“It’s a travesty that we’re pulling out these important works of fiction,” Crosby said. “Spiegelman’s book is so impactful and the way he tells the story is breathtaking.
“’To Kill a Mockingbird’ is required reading in some states and now it’s banned? I find everything confusing.
Crosby said he hasn’t heard any customer complaints about the content of “To Kill a Mockingbird” or “Maus,” but parents frequently come to him for advice when it comes to matching songs. particular literary works with the emotional maturity of young readers. He noted that’s a decision he thinks is best left to parents and not to governing bodies like school boards or state legislatures.
Utah Governor Spencer Cox also raised his own concerns about the book ban in the wake of the Canyons ruling and a similar effort in Washington County late last year. .
“Any history student knows that book bans never end well,” Cox said during his monthly PBS Utah press briefing in November. “Now it’s one more thing to say, ‘That’s not age-appropriate,’ and it’s another thing to say, ‘Hey, we’re making your kids read this book,'” right?… But just having a book available for kids who maybe see things differently or are interested in it, let’s just be careful there.
“I’m not saying every book should be in every classroom,” the governor said. “There are probably books that shouldn’t be in our schools. But let’s be thoughtful. Let’s take a step back, take a deep breath, and make sure we don’t do something we will regret.
Censorship on the rise
A statement released in December by the National Coalition Against Censorship, signed by more than 600 authors, booksellers and organizations, expressed concern that the book ban could be politicized and militarized, amid a national debate over First Amendment issues and on how best to educate students about race, social justice and history.
“In communities across the country, an organized political attack on books in schools is threatening the education of America’s children,” the statement said. “These ongoing attempts to purge schools of the books represent a partisan political battle waged in school board meetings and state legislatures.
“The undersigned organizations and individuals are deeply concerned about this sudden increase in censorship and its impact on education, student rights and freedom of expression.”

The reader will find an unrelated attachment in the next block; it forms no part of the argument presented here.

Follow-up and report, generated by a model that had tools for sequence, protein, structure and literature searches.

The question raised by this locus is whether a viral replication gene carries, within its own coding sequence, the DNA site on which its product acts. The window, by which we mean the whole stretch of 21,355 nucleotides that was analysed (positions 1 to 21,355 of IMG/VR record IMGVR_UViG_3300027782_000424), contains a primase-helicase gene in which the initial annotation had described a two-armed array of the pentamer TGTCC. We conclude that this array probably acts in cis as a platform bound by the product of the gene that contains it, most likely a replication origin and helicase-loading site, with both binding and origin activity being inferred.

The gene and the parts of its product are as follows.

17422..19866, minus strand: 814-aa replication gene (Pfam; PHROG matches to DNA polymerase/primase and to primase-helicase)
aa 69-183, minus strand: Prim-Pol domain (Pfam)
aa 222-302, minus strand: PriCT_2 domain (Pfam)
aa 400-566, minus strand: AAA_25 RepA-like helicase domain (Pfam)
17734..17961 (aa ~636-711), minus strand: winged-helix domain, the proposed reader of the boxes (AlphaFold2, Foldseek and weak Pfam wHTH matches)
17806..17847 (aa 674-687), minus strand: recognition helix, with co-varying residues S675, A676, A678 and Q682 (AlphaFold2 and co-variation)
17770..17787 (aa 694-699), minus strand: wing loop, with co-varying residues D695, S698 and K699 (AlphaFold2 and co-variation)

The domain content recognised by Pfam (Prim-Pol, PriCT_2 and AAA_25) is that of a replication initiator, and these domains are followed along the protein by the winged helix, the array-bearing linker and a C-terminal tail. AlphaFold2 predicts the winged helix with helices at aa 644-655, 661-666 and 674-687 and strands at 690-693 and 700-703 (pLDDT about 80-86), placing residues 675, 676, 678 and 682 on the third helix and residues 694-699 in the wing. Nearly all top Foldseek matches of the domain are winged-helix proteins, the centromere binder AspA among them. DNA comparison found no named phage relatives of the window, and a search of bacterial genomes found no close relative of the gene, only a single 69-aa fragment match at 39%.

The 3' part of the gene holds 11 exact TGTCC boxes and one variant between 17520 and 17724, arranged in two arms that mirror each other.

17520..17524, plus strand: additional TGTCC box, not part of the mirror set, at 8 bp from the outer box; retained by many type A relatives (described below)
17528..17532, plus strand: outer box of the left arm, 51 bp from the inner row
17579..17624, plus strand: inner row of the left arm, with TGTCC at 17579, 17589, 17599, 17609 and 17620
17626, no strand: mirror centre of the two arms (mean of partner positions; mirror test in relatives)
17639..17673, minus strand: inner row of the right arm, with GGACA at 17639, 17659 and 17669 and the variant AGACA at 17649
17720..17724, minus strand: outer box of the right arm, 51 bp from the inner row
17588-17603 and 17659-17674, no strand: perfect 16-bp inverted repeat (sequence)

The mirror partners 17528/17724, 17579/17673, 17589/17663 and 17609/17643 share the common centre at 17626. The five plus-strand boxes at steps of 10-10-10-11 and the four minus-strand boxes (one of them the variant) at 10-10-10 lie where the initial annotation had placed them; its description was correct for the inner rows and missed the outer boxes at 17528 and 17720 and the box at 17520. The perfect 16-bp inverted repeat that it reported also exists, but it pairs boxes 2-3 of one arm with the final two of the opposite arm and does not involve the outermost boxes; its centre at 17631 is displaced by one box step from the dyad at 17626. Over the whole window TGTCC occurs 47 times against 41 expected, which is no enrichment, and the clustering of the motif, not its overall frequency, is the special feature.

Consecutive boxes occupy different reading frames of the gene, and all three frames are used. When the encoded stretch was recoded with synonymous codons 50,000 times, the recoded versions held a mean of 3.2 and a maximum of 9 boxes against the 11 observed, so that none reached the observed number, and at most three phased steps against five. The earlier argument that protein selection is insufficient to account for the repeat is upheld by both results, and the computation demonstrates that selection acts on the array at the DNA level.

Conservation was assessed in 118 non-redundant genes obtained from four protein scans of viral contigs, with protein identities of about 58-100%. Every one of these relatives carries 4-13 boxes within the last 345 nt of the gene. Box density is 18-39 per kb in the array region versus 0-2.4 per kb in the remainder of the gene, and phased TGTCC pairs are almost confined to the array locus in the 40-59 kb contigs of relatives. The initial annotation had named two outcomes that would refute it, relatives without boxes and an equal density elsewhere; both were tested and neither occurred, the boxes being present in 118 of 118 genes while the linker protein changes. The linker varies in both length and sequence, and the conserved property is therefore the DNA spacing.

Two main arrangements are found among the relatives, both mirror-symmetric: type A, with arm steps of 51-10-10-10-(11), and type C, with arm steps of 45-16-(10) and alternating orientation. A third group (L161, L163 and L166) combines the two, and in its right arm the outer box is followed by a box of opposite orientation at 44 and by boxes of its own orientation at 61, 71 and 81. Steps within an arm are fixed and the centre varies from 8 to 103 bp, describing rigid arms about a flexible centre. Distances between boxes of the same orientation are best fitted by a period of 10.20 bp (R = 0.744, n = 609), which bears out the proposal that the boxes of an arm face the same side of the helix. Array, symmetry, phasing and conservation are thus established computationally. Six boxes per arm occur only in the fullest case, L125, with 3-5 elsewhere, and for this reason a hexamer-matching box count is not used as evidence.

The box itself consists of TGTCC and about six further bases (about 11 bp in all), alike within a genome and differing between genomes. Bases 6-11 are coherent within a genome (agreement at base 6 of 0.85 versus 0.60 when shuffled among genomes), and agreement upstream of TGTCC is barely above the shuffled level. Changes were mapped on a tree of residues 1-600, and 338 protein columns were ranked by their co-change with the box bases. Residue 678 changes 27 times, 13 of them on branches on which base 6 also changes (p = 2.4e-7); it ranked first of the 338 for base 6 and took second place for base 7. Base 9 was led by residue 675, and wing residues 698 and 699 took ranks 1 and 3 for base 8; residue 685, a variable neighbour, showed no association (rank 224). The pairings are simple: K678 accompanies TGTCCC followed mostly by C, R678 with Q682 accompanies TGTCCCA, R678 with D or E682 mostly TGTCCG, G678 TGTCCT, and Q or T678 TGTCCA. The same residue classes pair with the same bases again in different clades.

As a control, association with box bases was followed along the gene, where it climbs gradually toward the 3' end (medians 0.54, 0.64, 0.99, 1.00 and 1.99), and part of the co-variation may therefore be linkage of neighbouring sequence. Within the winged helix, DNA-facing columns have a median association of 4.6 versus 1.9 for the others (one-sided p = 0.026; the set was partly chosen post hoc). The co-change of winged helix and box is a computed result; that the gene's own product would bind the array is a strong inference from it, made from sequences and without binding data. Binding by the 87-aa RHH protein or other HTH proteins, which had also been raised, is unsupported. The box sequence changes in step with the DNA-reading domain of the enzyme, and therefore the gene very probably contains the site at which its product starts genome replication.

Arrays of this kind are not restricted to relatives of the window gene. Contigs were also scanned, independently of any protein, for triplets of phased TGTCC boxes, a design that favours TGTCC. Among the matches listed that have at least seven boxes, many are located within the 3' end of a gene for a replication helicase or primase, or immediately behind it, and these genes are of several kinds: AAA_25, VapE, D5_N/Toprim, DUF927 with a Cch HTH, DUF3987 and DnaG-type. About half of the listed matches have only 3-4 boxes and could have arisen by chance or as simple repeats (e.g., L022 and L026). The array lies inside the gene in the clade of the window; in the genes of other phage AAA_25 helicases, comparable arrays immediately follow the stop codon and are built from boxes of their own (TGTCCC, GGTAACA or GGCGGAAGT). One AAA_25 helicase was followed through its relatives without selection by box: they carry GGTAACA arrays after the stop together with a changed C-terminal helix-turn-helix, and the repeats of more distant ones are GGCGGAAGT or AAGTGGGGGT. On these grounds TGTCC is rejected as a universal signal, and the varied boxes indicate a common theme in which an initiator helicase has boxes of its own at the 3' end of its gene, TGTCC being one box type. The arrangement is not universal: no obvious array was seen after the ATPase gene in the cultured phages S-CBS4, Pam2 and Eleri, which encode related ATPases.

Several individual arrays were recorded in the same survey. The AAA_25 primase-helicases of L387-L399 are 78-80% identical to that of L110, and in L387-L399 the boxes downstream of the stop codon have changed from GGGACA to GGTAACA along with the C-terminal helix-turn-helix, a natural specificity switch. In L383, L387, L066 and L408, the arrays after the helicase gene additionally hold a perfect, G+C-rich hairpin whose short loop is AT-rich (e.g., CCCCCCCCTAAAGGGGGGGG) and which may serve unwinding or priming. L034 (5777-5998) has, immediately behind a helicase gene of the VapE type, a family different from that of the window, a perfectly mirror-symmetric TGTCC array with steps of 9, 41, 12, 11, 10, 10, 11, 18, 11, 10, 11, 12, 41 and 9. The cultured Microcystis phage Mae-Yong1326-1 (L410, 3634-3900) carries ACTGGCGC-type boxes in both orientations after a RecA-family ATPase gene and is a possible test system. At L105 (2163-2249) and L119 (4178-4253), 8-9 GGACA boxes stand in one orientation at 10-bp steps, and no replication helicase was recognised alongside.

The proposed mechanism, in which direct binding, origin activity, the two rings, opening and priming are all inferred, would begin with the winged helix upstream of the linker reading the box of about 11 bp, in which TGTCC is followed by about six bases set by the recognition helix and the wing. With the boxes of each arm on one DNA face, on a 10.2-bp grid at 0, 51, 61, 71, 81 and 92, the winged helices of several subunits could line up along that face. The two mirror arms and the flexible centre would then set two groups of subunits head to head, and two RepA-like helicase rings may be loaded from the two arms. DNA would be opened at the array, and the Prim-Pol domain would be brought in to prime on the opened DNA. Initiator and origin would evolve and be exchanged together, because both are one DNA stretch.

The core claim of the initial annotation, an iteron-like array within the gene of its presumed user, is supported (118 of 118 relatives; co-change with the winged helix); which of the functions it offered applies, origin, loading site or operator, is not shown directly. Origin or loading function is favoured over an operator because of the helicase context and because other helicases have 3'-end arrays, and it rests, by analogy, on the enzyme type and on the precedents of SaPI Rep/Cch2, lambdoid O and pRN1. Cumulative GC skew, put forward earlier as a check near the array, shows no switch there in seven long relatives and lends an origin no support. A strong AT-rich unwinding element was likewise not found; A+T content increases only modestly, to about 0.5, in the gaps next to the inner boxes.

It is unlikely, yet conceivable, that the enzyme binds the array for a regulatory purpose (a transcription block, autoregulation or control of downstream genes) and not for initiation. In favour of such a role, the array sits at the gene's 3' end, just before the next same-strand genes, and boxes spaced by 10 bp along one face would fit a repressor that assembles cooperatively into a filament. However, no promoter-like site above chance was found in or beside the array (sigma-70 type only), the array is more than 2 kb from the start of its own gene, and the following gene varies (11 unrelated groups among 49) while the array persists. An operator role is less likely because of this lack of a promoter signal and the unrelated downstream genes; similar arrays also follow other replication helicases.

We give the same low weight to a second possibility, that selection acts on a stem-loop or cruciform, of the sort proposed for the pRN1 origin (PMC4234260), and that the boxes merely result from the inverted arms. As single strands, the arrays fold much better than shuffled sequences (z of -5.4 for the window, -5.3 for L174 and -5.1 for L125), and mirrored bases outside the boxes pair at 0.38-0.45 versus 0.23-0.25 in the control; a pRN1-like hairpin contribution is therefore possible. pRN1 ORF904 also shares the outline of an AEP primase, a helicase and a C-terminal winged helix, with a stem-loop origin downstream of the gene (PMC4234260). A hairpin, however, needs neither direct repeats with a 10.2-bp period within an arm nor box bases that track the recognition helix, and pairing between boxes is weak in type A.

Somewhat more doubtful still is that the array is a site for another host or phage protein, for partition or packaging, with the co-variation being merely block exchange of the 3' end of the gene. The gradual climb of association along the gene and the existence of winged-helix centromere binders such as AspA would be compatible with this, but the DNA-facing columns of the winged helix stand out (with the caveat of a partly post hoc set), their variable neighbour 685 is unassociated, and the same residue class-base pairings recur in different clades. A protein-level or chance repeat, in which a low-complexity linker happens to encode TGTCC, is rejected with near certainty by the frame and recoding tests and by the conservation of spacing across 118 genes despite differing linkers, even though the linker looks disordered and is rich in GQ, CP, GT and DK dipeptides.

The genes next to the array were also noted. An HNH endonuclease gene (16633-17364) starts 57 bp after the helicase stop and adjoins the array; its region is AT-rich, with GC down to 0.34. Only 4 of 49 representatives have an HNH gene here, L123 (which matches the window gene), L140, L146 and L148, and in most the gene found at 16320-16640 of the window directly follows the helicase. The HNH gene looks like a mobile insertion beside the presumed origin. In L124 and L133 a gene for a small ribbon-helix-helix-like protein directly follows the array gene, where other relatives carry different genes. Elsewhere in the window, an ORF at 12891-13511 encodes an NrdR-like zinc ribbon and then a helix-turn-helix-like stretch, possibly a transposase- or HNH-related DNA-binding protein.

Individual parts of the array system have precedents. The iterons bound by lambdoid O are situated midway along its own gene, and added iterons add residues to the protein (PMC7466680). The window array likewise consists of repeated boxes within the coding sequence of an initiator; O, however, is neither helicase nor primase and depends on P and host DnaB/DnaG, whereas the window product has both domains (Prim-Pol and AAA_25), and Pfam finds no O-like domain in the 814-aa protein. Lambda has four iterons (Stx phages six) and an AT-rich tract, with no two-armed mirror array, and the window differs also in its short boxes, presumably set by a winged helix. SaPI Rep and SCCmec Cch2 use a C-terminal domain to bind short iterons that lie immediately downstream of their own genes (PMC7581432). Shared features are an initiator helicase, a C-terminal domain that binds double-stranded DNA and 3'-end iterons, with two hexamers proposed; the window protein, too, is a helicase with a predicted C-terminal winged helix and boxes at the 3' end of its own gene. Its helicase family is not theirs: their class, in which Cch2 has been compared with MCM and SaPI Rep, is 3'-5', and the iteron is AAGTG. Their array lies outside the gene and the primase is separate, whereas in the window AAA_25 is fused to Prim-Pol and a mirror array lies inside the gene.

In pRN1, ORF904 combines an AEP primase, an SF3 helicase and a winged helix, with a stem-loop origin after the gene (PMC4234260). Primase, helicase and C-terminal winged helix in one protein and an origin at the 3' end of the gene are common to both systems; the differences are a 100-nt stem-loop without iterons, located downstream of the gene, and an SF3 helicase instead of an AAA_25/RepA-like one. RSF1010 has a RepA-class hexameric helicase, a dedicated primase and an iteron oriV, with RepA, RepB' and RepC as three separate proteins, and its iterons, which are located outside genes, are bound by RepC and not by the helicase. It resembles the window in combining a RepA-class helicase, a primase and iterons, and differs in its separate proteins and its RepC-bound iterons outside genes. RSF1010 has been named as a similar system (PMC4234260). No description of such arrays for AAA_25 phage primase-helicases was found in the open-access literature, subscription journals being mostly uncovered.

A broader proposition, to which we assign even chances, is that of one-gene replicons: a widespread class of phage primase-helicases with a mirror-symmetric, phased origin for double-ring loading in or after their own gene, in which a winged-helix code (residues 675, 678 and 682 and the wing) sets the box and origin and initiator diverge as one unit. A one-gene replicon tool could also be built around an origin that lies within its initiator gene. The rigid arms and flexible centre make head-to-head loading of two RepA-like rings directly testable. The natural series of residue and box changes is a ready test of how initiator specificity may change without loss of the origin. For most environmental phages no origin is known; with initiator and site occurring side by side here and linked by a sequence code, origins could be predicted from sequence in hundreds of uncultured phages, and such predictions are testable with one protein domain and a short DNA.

The American Library Association reports that book banning efforts continue to increase nationwide and cites as an example that in September of last year alone the volume of book challenges in the United States increased. 60% compared to the same month in 2020.
Rebekah Cummings is Co-Chair of the Utah Library Association Board of Trustees and Digital Librarian at the University of Utah Marriott Library. Cummings also has experience working in public library systems and noted that each library has protocols in place to hear and review challenges and address customer and parent concerns about books on the shelves.
“The challenges are not new,” Cummings said. “Parents bring a book and say ‘I don’t think it’s appropriate’ or ‘it’s in the wrong section.’ Librarians take these challenges seriously and all libraries have processes in place to respond to questions about content. There are times when a book can be moved, for example, from the children’s section to young adults
“But, it is important that we follow these procedures and not remove books from the shelves until they have gone through the processes and been assessed fairly.”
Cummings said that in his experience, and generally speaking, censorship efforts focused on literary works have not necessarily had a partisan element, but sees much of the recent book challenge campaign as a reflection of the current political polarization. This includes, she noted, social media-focused campaigns to seek out and limit access to certain books.
Cummings encourages parents to use their librarians as both sources of information and problem solvers when it comes to content questions for young readers. But she also noted that when it comes to assessing what is or is not the right book for a particular reader, the decision should come from individuals and families and not result in an edict that weeds out the book. access to this work for all.
“It’s about making sure kids have the freedom to read and be exposed to a diversity of books, opinions and historical perspectives,” Cummings said. “Our collections should be diverse and show a variety of viewpoints.”
Contributor: Associated press